The ad­ven­tures of Nick and Ted

It never fails to amaze Nick Ri­d­ley how Ted can eas­ily switch from job to job, whether it is be­ing shot over or used as a “demo” dog

Sporting Gun - - Contents - Age 31 months

This month I have seen far too much of the dash­board of my truck. Early in the month, I headed up the M6 to Cum­bria for a much-an­tic­i­pated cou­ple of days out on the rab­bits with Ted. Then, two weeks later, I was head­ing in to­tally the op­po­site di­rec­tion to deep­est Devon. I must ad­mit I don’t think I have done much to help the world’s global warm­ing dilemma.

Weather wor­ries

By now ev­ery­one will be aware that the heat­wave is fi­nally over and, just to prove the point, the drive “up north” could not have been wet­ter — it poured down the whole way. In fact, when we pulled into the car park at the well-known coun­try cloth­ing sup­plier John Nor­ris of Pen­rith — a reg­u­lar stop- off point on our shoot­ing trips — the town was ex­pe­ri­enc­ing mon­soon con­di­tions and I have to say our gen­eral de­meanour was not good. How­ever, af­ter bag­ging some ex­cel­lent bar­gains, in­clud­ing a Schöf­fel tweed waist­coat for just £ 50, I started to feel a bit hap­pier.

The next morn­ing the weather could not have been more dif­fer­ent. It was a bit nippy first thing, but by mid­day the sun was shin­ing and spir­its were high. It never fails to sur­prise me how quickly Ted gets back into the swing of hunt­ing rab­bits. There was plenty of scent about, but it was dif­fi­cult for the lit­tle dog to push the rab­bits out through the white grass and bracken. I could see him oc­ca­sion­ally “punch” a rab­bit out, but be­cause of the cover it was hard to see the bolt­ing bunny — let alone get a shot off. You get a spilt sec­ond to raise the gun and pull the trig­ger and quite of­ten I end up hav­ing a shot in des­per­a­tion rather than with any con­vic­tion. I quite of­ten find my­self will­ing the rab­bits to bolt up a bank just so I can get a clean shot, but that rarely hap­pens and, in truth, that is what makes it more chal­leng­ing.

Fewer rab­bits

Due to the heat it was re­ally im­por­tant we kept the dogs and our­selves hy­drated. De­spite the amount of rain the pre­vi­ous day, it was ob­vi­ous how lit­tle wa­ter there was on the moor; we also no­ticed there were far fewer rab­bits about than on pre­vi­ous trips.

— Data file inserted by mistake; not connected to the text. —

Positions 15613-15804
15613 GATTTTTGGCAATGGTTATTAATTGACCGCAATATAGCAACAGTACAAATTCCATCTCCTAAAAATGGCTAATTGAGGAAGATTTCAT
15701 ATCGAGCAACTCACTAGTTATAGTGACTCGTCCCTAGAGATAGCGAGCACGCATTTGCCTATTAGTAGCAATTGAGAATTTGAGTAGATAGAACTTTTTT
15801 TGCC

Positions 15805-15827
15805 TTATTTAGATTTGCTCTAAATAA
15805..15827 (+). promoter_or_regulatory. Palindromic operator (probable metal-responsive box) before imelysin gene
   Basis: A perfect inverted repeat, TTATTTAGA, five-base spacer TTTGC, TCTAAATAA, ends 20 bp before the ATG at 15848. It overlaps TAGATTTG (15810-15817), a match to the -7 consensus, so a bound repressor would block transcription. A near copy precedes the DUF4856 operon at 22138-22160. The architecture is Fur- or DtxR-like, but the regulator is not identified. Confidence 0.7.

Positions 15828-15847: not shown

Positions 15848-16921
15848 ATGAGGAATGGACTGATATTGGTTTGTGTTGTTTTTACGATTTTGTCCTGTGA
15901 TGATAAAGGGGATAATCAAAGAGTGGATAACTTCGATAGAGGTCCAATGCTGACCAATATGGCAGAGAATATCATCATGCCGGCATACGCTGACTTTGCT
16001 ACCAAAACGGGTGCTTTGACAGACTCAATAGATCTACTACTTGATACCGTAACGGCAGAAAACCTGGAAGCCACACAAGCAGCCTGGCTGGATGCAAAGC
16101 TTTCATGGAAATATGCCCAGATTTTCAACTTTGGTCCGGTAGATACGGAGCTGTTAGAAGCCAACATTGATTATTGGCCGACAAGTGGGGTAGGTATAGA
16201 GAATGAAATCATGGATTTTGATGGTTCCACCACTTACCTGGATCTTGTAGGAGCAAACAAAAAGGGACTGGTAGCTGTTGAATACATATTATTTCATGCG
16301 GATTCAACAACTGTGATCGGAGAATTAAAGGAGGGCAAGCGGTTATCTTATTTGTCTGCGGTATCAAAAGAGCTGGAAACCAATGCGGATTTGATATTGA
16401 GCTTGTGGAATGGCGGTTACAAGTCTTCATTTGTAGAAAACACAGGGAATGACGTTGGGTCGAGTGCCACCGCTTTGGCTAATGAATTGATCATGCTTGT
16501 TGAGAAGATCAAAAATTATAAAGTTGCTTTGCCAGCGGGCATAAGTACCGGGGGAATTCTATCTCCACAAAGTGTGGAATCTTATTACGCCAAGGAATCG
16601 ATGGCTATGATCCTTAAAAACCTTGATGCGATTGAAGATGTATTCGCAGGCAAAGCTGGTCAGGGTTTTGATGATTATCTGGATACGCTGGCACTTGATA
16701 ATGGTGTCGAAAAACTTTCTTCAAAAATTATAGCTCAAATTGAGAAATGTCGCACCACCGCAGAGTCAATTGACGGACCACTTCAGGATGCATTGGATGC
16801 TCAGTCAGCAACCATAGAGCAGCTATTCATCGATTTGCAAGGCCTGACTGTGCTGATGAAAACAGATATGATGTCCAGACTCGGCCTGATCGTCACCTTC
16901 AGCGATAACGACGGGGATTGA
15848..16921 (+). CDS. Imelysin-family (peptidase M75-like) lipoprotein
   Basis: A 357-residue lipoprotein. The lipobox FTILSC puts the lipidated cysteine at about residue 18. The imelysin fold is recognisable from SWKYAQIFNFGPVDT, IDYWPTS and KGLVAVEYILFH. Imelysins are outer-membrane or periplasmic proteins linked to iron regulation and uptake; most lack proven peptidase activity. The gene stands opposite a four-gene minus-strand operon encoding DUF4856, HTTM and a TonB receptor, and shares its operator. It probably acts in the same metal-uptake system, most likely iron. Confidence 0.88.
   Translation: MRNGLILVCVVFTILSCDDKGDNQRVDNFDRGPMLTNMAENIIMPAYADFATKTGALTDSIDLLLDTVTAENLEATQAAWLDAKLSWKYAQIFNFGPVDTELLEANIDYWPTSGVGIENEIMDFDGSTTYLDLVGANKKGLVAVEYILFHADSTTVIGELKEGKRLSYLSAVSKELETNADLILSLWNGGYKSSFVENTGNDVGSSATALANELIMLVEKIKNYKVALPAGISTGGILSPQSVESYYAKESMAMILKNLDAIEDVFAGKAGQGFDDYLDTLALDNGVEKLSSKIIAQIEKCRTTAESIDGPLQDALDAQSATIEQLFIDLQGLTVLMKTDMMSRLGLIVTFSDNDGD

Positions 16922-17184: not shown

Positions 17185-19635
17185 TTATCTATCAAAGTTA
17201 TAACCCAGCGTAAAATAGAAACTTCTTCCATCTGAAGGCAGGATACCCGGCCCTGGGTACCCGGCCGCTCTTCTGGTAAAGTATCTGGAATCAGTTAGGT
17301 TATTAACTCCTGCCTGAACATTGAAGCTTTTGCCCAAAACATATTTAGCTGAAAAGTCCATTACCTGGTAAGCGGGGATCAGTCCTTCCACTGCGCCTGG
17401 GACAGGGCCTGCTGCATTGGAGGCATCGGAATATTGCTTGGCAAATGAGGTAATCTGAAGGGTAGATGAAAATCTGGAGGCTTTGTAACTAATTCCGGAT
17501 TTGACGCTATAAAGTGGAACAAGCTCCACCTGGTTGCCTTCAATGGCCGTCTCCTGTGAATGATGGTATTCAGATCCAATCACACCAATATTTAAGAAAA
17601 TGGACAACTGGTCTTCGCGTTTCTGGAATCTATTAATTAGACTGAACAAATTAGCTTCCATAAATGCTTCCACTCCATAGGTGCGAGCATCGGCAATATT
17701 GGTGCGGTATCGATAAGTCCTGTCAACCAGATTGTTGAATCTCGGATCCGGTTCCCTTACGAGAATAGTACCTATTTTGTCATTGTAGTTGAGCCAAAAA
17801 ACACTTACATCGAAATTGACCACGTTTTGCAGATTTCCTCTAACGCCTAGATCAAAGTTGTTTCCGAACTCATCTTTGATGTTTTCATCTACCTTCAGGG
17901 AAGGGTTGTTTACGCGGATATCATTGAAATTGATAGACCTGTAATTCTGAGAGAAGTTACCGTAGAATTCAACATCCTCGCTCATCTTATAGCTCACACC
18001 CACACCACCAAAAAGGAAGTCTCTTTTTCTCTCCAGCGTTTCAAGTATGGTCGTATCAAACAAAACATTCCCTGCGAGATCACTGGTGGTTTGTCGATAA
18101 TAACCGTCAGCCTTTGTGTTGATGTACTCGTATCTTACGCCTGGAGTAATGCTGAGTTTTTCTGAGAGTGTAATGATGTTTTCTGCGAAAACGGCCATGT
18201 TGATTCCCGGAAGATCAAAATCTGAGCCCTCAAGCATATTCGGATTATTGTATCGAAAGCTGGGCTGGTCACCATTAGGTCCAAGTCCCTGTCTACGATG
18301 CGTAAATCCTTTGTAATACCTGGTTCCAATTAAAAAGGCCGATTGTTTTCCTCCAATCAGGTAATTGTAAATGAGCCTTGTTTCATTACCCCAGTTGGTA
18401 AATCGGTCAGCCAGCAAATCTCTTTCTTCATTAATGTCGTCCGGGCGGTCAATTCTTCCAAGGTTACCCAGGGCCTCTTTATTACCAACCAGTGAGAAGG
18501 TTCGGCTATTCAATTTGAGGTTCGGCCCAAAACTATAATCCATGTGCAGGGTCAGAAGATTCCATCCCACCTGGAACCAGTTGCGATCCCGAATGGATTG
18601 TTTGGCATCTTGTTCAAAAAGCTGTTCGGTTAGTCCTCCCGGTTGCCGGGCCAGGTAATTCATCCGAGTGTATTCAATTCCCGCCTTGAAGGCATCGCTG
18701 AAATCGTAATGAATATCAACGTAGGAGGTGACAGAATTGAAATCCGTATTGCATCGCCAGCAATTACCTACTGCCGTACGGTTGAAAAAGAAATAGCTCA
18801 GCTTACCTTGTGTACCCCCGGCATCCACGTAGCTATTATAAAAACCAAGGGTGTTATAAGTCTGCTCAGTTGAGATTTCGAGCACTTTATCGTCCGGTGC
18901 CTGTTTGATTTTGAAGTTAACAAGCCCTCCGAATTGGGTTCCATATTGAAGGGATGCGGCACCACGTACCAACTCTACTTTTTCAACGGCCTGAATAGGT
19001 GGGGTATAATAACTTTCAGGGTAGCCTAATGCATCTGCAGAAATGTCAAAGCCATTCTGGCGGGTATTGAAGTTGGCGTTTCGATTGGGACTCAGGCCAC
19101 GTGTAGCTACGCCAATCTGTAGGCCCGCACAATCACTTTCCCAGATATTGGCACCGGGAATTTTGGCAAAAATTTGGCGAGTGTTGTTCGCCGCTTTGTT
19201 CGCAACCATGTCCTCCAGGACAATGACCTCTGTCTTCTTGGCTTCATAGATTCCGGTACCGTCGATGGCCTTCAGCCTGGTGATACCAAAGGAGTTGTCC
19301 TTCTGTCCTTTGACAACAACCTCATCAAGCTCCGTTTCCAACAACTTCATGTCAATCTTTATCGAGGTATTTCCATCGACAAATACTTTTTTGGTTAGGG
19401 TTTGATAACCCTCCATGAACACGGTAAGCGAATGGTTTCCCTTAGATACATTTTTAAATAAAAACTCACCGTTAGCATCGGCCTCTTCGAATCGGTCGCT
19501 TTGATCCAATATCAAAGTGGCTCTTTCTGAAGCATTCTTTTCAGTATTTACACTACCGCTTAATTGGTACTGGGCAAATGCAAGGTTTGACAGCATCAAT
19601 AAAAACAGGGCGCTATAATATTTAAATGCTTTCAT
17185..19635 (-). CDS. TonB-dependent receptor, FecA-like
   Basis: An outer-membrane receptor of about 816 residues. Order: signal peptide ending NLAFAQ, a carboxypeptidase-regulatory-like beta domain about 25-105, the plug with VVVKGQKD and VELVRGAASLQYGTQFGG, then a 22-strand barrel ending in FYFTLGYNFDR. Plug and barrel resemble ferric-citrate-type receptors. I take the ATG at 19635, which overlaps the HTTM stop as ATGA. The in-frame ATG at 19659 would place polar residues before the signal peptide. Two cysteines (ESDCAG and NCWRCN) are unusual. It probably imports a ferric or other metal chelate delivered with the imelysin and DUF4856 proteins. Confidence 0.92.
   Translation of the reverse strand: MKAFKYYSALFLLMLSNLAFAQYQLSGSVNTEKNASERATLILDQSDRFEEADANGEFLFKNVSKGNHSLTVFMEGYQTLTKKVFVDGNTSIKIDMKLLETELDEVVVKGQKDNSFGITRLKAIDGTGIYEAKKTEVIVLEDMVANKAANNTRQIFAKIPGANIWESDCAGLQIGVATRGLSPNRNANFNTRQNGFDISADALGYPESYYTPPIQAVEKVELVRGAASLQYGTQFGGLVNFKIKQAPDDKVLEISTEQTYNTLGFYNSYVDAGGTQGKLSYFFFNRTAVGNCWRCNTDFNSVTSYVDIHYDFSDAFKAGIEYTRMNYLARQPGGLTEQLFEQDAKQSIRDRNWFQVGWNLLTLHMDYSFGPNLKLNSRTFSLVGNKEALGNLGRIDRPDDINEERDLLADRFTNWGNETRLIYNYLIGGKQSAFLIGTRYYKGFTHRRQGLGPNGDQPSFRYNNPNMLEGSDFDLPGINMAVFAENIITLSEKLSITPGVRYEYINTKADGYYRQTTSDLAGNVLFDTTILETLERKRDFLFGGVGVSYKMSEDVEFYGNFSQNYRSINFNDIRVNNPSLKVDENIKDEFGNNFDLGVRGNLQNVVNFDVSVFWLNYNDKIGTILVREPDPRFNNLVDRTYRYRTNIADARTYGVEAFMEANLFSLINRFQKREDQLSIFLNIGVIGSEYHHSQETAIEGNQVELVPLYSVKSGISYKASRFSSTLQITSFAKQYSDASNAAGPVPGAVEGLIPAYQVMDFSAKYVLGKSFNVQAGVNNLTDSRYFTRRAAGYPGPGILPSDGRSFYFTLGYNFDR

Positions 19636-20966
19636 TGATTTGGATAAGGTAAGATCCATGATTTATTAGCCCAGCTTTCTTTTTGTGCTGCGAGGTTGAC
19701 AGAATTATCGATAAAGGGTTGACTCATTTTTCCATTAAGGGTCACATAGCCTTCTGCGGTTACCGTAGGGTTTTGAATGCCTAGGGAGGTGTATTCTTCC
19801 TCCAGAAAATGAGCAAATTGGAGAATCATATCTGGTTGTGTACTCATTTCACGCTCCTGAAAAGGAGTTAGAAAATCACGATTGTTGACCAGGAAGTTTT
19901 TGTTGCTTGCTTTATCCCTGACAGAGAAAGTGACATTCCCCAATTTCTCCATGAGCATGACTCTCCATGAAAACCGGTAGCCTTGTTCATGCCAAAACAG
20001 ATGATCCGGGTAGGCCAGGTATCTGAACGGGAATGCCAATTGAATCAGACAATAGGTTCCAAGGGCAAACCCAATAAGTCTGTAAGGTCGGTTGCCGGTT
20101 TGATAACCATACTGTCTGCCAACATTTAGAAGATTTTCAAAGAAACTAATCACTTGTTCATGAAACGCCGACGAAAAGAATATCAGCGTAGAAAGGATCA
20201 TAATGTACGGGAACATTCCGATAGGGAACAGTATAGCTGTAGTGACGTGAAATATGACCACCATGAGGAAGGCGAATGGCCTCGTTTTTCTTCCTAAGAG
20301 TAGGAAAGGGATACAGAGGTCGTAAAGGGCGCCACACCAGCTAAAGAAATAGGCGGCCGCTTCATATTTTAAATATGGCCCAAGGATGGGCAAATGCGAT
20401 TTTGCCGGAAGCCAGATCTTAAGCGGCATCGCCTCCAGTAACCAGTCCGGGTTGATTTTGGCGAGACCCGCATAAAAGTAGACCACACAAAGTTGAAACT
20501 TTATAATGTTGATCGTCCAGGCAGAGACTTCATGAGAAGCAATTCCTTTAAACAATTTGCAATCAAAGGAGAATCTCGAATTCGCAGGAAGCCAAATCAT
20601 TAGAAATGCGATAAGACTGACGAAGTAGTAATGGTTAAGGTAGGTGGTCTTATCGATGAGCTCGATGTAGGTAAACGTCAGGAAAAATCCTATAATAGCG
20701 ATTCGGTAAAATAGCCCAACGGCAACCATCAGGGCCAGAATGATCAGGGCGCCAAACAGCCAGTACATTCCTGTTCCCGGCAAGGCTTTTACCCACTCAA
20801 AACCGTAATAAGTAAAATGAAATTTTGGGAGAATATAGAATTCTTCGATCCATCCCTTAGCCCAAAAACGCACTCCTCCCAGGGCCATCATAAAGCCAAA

Rab­bit num­bers through­out the coun­try have plum­meted over the past year or so and it is thought that this is down to a num­ber of fac­tors. The late win­ter and the dry sum­mer have cer­tainly had an ef­fect, but the main rea­son is the up­surge in rab­bit vi­ral haem­or­rhagic dis­ease (VHD), a highly con­ta­gious dis­ease caused by a cali­civirus. In­ter­est­ingly, cli­mate ap­pears to play a cru­cial role in the trans­mis­sion of VHD. In nor­mal con­di­tions, most out­breaks of the dis­ease oc­cur in win­ter or spring. High tem­per­a­tures in late spring and sum­mer will con­sid­er­ably re­duce the spread of the virus, so hope­fully the hot sum­mer will have slowed it down. That said, all the rab­bits we saw were fit and healthy and, de­spite my best ef­forts, the ef­fect on the lo­cal pop­u­la­tion was min­i­mal. Ted did pull off a cou­ple of good re­trieves, and one in par­tic­u­lar was a bit spe­cial. Our host Fran Ard­ley shot a rab­bit high up on a stone bank and I had to push Ted through a bracken bank to get him up on to the rocks. Any­one who has tried to get a spaniel through cover on to “open” ground to make a re­trieve will know how chal­leng­ing this can be. But this is some­thing I train for, and on oc­ca­sions like this all the hard work pays off. In fact, that one re­trieve made my trip.

Demo dog

A cou­ple of weeks later I headed to Dart­mouth for a pho­tog­ra­phy job. I took Ted with me be­cause one of my clients is in­ter­ested in us­ing him at stud next year. On my ar­rival, she asked if I would be will­ing to give a demon­stra­tion of Ted and how I trained him. I told her that he isn’t a “demo” dog, but that I would try.

For­tu­nately, Sue had a cou­ple of place boards lay­ing around, so I started off my “demo” by ex­plain­ing how I de­vel­oped Ted’s steadi­ness, re­call, re­triev­ing and de­liv­ery — the lit­tle dog was per­fect. We then went down to the field and I put him through his paces and he didn’t put a foot wrong. In fact, he im­pressed me. It never fails to amaze me how Ted can switch from job to job, be­ing shot over, pick­ing-up, beat­ing, be­ing a model for my dog pho­tog­ra­phy lessons and now be­ing a demo dog.

“ted pulled off a cou­ple of good re­trieves on the rab­bits”

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